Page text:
Rabies is a disease without a public relations firm. In developed countries, human disease is incredibly rare–we see typically one or two deaths from rabies each year. In contrast, lightning is responsible for about 60 deaths each year. However, worldwide, rabies is another matter. Today is World Rabies Day, a reminder that 55,000 people still succumb to this virus every year–most of them in impoverished regions of Africa and Asia. While cases in the U.S. are typically due to wildlife exposure (rabid bats or even beavers or rabid kitten), infected dogs remain the main vector of infection in most rabies-endemic countries.
In a new book, “Rabid”, Bill Wasik and Monica Murphy have penned an ambitious history of rabies. It’s subtitled, “A cultural history of the world’s most diabolical virus,” and this emphasis makes Rabid unique. Indeed, while the recognition of the rabies virus is just a bit over a hundred years old, Wasik and Murphy trace the infection back to antiquity. The first half of the book is, as promised, a cultural history–4,000 years of literature references to rabies, hydrophobia, “rage” disease, and dog- and bat-borne contagion in places as far-flung as various mythologies (Greco-Roman, Christian, and Egyptian, to name a few); medical literature from Aristotle to Pasteur; and even the vampire myths from medieval times up to Sesame Street’s Count. Wasik and Murphy explore the animal metaphors used for millenia and examine them through the lens of rabies infection, as well as colorfully explain the various (mis)understandings of the virus and rabies epidemiology in ancient texts. Though Rabid is certainly a pop-science book, many portions of the book wouldn’t be out of place in various literature, history, and even religion classes, which again lends to the book’s eclectic flavor.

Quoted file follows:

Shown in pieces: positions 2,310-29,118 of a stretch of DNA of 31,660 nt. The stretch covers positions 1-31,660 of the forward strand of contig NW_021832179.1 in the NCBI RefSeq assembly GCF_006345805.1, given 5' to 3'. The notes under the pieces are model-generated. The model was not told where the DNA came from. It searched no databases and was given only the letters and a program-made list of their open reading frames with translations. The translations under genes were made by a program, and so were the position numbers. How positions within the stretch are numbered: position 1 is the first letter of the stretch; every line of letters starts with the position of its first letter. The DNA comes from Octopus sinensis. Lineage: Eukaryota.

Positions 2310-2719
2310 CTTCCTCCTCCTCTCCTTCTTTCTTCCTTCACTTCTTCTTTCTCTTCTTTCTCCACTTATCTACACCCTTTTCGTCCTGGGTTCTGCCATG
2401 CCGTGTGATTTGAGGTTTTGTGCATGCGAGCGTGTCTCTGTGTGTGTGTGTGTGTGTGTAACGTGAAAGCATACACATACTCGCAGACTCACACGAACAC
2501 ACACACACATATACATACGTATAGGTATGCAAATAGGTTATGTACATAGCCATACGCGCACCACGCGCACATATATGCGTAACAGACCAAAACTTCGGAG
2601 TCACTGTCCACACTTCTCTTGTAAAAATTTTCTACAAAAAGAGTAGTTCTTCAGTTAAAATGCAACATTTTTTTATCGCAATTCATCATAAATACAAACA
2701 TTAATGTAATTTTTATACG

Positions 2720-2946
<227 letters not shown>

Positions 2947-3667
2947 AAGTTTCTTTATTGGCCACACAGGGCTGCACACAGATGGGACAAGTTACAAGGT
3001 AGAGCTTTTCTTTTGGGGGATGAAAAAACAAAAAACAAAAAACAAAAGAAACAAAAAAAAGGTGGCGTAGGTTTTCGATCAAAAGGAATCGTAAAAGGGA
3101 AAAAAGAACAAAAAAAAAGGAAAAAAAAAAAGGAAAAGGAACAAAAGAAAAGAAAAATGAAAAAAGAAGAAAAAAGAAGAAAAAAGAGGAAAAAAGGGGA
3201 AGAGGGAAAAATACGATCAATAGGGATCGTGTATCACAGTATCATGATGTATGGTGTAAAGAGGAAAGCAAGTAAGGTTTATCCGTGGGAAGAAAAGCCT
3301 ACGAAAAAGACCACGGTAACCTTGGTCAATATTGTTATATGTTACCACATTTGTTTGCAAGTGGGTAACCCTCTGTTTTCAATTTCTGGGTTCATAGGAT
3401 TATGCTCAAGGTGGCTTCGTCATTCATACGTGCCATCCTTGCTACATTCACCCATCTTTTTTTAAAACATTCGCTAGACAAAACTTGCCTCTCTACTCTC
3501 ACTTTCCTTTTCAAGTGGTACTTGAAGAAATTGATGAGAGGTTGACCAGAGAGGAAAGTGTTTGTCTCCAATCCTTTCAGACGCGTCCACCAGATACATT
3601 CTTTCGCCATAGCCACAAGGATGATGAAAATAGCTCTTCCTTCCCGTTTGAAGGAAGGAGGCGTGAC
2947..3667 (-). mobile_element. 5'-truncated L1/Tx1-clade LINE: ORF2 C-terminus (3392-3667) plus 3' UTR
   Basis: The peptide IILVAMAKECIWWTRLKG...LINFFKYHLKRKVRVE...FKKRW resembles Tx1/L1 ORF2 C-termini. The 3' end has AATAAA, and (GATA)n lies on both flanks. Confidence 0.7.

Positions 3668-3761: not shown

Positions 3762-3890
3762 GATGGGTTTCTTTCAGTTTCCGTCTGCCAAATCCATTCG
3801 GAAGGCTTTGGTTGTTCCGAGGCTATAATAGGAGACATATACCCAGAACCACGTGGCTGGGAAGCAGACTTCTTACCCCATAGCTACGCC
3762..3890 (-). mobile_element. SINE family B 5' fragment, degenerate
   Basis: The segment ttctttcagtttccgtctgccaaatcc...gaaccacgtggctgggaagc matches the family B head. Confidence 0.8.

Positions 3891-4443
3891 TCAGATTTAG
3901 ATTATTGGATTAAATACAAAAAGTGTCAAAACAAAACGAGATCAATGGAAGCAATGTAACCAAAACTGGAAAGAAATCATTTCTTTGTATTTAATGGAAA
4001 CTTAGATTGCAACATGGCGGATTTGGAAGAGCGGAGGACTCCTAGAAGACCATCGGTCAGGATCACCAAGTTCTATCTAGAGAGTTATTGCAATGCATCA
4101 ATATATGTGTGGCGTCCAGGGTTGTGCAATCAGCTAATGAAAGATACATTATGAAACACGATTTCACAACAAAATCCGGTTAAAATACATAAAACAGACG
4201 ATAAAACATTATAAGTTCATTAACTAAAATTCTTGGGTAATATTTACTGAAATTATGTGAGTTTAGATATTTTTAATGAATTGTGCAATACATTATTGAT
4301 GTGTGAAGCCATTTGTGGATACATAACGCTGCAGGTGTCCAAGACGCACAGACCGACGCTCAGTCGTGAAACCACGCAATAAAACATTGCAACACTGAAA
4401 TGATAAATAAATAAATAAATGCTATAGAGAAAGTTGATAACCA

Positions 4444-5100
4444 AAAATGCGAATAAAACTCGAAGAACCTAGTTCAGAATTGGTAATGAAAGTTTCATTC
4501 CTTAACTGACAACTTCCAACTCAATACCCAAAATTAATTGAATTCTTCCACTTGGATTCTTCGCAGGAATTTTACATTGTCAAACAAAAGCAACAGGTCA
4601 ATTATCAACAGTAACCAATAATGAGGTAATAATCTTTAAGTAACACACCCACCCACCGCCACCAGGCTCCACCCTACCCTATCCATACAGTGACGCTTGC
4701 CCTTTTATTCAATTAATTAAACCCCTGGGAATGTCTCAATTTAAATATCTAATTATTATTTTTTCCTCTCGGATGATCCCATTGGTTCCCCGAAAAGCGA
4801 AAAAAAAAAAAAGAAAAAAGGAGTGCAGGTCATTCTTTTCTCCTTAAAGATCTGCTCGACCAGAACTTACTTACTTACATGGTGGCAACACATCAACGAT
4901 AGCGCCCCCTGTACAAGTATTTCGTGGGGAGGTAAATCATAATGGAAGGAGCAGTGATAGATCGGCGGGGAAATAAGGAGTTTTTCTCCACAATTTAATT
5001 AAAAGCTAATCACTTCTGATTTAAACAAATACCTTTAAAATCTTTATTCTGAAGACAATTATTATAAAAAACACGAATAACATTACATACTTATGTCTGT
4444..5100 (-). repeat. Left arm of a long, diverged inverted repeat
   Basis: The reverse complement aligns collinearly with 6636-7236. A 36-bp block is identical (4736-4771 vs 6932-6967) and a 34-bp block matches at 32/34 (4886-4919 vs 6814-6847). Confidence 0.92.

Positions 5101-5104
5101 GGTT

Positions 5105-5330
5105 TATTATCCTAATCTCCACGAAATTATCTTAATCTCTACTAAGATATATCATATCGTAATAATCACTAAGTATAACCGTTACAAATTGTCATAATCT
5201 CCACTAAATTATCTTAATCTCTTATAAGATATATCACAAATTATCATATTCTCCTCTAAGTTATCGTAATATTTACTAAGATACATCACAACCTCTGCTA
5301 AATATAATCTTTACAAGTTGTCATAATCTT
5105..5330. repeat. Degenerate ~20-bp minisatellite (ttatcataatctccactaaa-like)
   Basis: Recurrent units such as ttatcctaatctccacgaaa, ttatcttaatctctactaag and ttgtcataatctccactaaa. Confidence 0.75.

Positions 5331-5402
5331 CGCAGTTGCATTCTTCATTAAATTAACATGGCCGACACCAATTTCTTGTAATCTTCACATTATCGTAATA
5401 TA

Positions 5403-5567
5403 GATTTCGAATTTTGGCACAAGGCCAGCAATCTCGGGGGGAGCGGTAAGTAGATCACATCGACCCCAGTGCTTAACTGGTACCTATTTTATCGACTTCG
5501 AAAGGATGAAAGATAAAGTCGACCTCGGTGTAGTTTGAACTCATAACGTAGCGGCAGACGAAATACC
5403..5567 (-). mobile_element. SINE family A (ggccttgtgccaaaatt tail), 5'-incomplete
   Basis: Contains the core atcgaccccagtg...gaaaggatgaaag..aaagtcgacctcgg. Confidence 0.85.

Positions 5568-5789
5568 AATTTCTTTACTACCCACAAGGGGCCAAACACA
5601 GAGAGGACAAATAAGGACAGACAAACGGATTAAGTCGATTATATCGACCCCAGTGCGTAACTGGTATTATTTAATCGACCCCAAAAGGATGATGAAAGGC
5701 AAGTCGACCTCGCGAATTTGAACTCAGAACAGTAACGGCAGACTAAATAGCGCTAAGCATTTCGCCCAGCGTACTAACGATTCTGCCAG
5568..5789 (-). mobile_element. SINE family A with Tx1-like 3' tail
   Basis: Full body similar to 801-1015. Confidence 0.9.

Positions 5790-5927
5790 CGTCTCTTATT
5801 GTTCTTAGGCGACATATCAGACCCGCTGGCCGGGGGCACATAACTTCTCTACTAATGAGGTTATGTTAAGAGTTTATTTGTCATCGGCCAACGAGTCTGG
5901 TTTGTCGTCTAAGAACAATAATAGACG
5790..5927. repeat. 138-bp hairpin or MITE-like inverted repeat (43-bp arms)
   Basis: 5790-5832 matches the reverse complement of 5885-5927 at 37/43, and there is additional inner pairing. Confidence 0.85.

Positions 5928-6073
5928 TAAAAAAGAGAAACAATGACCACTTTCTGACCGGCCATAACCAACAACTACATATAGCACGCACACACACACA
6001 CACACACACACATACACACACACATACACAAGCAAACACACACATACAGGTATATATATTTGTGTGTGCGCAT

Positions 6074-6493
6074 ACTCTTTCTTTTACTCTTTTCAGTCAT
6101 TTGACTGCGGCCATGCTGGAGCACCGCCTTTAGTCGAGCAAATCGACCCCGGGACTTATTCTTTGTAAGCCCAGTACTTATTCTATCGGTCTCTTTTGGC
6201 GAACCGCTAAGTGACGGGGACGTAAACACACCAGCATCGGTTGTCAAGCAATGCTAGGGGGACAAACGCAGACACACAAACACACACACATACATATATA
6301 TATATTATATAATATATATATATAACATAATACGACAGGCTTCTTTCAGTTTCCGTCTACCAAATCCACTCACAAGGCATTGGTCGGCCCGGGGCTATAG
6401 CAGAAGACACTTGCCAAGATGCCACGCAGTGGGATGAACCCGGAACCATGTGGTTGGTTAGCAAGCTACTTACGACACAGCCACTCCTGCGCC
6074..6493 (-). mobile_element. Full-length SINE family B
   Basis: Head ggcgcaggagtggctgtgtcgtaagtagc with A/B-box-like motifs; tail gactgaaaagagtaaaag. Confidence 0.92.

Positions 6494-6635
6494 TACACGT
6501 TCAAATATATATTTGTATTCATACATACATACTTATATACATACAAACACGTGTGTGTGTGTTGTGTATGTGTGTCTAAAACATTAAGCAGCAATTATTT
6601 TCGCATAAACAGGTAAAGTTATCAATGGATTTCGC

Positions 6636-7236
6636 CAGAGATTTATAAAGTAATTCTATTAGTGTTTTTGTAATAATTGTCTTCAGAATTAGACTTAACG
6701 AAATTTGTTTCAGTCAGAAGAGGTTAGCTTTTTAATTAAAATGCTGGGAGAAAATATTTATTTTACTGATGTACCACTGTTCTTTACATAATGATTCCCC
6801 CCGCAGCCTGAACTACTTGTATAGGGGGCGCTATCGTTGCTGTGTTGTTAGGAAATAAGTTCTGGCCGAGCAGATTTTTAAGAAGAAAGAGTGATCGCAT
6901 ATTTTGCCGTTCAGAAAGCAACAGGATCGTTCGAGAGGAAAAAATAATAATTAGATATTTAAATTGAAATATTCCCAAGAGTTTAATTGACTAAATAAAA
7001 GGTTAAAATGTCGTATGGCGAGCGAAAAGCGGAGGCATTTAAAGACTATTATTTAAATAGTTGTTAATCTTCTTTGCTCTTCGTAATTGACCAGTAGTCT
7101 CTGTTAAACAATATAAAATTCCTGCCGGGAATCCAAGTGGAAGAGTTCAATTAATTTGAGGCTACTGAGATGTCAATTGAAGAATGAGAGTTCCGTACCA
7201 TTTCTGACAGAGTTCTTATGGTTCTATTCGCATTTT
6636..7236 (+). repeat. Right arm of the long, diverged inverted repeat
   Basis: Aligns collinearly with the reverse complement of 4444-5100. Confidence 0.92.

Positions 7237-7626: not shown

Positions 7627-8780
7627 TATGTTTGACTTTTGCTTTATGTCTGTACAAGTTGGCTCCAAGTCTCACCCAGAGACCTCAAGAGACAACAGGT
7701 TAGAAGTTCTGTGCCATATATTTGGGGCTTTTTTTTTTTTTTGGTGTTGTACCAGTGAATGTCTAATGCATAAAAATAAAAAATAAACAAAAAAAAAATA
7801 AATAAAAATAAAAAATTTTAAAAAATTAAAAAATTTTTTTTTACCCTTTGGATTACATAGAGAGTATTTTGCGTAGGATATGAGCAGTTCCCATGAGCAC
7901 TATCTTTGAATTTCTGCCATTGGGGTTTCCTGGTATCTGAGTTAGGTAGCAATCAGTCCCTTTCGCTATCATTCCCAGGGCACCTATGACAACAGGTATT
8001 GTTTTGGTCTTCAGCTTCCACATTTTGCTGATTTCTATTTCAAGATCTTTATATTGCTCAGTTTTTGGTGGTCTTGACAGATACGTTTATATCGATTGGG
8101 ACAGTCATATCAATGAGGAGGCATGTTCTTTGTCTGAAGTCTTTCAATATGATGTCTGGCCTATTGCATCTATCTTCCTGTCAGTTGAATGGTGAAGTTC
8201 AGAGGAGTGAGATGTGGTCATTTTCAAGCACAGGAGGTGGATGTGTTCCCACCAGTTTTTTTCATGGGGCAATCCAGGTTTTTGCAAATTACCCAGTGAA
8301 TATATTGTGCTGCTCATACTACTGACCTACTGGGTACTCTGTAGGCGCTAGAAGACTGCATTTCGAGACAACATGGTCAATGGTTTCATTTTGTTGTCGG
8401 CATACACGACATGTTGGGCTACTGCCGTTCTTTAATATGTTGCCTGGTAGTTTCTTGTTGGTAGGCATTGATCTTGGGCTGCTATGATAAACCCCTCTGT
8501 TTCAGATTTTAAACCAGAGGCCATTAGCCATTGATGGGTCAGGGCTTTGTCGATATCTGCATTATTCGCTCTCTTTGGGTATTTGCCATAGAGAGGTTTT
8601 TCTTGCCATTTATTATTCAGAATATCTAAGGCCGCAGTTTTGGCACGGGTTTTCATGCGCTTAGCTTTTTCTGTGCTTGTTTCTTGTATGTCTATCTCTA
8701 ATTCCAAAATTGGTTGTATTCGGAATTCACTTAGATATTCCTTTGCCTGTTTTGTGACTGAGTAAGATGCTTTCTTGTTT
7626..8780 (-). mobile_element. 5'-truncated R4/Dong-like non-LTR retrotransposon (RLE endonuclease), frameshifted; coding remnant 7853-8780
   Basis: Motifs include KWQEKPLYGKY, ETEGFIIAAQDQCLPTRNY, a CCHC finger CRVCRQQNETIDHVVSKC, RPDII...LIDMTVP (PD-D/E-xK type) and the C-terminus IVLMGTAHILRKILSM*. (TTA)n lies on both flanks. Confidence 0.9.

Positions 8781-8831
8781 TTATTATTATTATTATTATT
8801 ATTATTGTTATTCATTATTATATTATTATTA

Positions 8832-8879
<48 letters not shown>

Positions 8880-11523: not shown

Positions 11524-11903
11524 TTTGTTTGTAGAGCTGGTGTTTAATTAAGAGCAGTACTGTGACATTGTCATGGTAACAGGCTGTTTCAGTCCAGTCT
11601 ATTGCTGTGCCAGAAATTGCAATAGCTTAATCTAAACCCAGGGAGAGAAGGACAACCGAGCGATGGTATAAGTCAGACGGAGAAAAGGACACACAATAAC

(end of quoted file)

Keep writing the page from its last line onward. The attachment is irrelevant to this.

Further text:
The latter half of the tale, then, focuses more narrowly on the science of rabies, covering Pasteur’s work toward a vaccine; the (rather late) discovery of bats as the ultimate reservoir of the virus; the challenge to mount vaccination campaigns in resource-poor areas, and the lingering fear of rabies to this day, which is sometimes justified and sometimes not. They also cover the controversy over the Milwaukee protocol as a treatment for symptomatic rabies, and the problem of rabies control.
Finally, Wasik and Murphy note that even today, almost 130 years after the development of the rabies vaccine, control of rabies among the biggest human source of disease–infected dogs–is almost as poor in some places as it was during pre-vaccine England. The methods to control it are, in some cases, also equally barbaric. The introduction of rabies into Bali in 2008 led to a mass cull of dogs, shooting many in the street. Eventually, a science-based vaccination strategy was adopted and seems to be helping, but not before well over 100,000 dogs were culled and several hundred people had been killed by the virus. Rabies may be an ancient disease, but it is a scourge that is still threatening us where government lacks the will and the funding to beat back “the world’s most diabolical virus.”